Hydrological Sciences

Hydrological Sciences

Hydrology encompasses the study of the availability, distribution, movement and quality of water on Earth and its relationship with the environment within every phase of the water cycle. This cycle consists of a delicate balance of processes of water precipitation, evaporation, freezing, melting and condensation. These processes are highly dependent on temperature, and with climate change and atmospheric warming happening on a global level, the impacts are felt in the hydrologic balance and hydrological systems everywhere.

There are three key variables that determine the health and balance of hydrological systems: (a) soil moisture, which is a primary control on vegetation and ecosystems; (b) groundwater recharge, which feeds groundwater reserves; and (c) runoff, which feeds rivers and causes floods. Areas of research in hydrological sciences focus on these variables while studying, the quality of the water, the movement of water between its various states or within a given state, or a quantification of the amounts in the different states in a given region. 

Warmer temperatures increase the rate of evaporation of water into the atmosphere, resulting in less snow formation, as well as changes in mean rainfall, rainfall intensity, and rainfall seasonality. With the relationship between rainfall and runoff being non-linear, the response of runoff generated by rainfall is magnified. This leads tovarious climate change effects such as increased flooding and drought. The frequency of heavy precipitation events will very likely increase in most regions, with consequences for the risk of rain-generated floods. At the same time, the proportion of land surface in extreme drought at any one time is also projected to increase.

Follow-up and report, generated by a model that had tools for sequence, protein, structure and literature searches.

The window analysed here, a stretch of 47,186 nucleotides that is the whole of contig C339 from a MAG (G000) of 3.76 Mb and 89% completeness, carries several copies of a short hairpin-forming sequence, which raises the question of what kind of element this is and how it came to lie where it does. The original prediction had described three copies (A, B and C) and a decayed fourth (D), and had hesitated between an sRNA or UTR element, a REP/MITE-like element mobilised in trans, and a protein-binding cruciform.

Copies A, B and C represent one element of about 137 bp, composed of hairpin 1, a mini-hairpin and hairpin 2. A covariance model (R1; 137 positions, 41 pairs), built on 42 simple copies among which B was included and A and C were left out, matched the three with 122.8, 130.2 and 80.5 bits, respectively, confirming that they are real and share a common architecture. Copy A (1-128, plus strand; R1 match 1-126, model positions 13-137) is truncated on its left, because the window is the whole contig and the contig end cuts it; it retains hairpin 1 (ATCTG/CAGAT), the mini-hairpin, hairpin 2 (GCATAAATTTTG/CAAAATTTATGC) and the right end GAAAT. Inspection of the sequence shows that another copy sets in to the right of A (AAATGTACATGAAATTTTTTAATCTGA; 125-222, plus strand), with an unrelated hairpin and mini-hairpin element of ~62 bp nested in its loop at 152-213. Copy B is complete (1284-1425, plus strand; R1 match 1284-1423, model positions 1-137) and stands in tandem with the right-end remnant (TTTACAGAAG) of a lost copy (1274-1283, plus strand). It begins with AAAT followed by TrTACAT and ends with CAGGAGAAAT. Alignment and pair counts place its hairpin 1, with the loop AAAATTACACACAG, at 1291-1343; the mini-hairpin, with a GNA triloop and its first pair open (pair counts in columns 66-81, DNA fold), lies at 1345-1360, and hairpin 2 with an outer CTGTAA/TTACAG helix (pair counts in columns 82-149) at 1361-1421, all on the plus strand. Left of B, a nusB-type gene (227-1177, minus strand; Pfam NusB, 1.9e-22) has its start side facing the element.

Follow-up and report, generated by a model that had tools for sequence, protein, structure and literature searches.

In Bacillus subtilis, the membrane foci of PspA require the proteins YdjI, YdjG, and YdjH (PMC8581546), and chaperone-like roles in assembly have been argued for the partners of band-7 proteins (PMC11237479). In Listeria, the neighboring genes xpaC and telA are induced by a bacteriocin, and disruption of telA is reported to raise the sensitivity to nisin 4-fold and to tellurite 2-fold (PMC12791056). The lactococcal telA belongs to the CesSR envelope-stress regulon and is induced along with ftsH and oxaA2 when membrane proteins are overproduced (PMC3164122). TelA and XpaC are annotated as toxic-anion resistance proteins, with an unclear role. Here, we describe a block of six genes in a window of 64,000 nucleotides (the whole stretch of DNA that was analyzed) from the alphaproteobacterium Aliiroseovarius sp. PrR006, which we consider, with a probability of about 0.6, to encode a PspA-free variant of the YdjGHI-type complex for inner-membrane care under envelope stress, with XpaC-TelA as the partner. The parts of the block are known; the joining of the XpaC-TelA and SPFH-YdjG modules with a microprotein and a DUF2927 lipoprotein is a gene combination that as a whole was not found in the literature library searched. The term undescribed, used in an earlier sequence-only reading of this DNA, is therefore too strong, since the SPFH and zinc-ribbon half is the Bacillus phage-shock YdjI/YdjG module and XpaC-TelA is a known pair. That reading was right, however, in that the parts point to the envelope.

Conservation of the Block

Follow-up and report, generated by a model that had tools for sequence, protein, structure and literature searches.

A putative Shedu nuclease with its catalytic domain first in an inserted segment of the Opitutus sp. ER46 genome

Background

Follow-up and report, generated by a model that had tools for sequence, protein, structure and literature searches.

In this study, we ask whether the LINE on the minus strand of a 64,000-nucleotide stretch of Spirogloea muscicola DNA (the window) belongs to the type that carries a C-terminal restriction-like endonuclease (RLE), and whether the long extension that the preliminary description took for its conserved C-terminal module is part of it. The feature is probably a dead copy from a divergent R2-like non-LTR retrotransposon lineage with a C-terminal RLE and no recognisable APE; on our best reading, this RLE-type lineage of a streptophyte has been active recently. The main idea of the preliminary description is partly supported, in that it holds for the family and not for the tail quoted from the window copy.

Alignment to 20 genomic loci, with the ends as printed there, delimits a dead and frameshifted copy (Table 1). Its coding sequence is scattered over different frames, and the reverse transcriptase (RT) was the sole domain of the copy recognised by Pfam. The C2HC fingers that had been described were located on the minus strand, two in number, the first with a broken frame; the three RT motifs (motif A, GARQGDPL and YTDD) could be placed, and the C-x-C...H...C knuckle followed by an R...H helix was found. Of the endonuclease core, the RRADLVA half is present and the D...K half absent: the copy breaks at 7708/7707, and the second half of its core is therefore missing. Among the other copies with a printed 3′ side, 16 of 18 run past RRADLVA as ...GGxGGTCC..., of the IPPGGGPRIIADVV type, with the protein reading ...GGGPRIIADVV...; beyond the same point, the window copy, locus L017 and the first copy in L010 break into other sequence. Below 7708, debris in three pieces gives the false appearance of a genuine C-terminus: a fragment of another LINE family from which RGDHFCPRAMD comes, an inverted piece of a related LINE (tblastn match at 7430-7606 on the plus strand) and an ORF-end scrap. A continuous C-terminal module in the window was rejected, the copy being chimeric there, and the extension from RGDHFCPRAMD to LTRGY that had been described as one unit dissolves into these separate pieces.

In a warmer environment, more precipitation will materialize as rain rather than snow, which means there will be an increased occurrence of water shortages. Because rain flows faster than melting snow, higher levels of soil moisture and groundwater recharge are less likely to occur. When rain falls, reservoirs fill quickly to capacity, which can also result in excess water runoff that can’t be stored. Higher water temperatures and changes in extremes, including floods and droughts, are also projected to affectwater quality.Intense rainfall, for example, leads to an increase in suspended solids in lakes and reservoirs, as well as an enhanced transport of pathogens and other dissolved pollutants.

These changes in water quantity and quality due to climate change are expected to affect food availability, stability, access and utilization. These adverse effects of climate change on hydrological systems in turn aggravate the impacts of other stresses, such as population growth, changing economic activity, land-use change and urbanization. With a predicted global growth in water demand over the coming decades, it is essential to develop and implement long term lasting solutions for the conservation of water resources. This includes adaptation procedures and risk management practices that incorporate the projected hydrological changes, improve water-use efficiency and water access for all of adequate quality and quantity.

  • Surface Water Hydrology
  • Hydrogeology
  • Integrated Water Resource Management
  • Limnology

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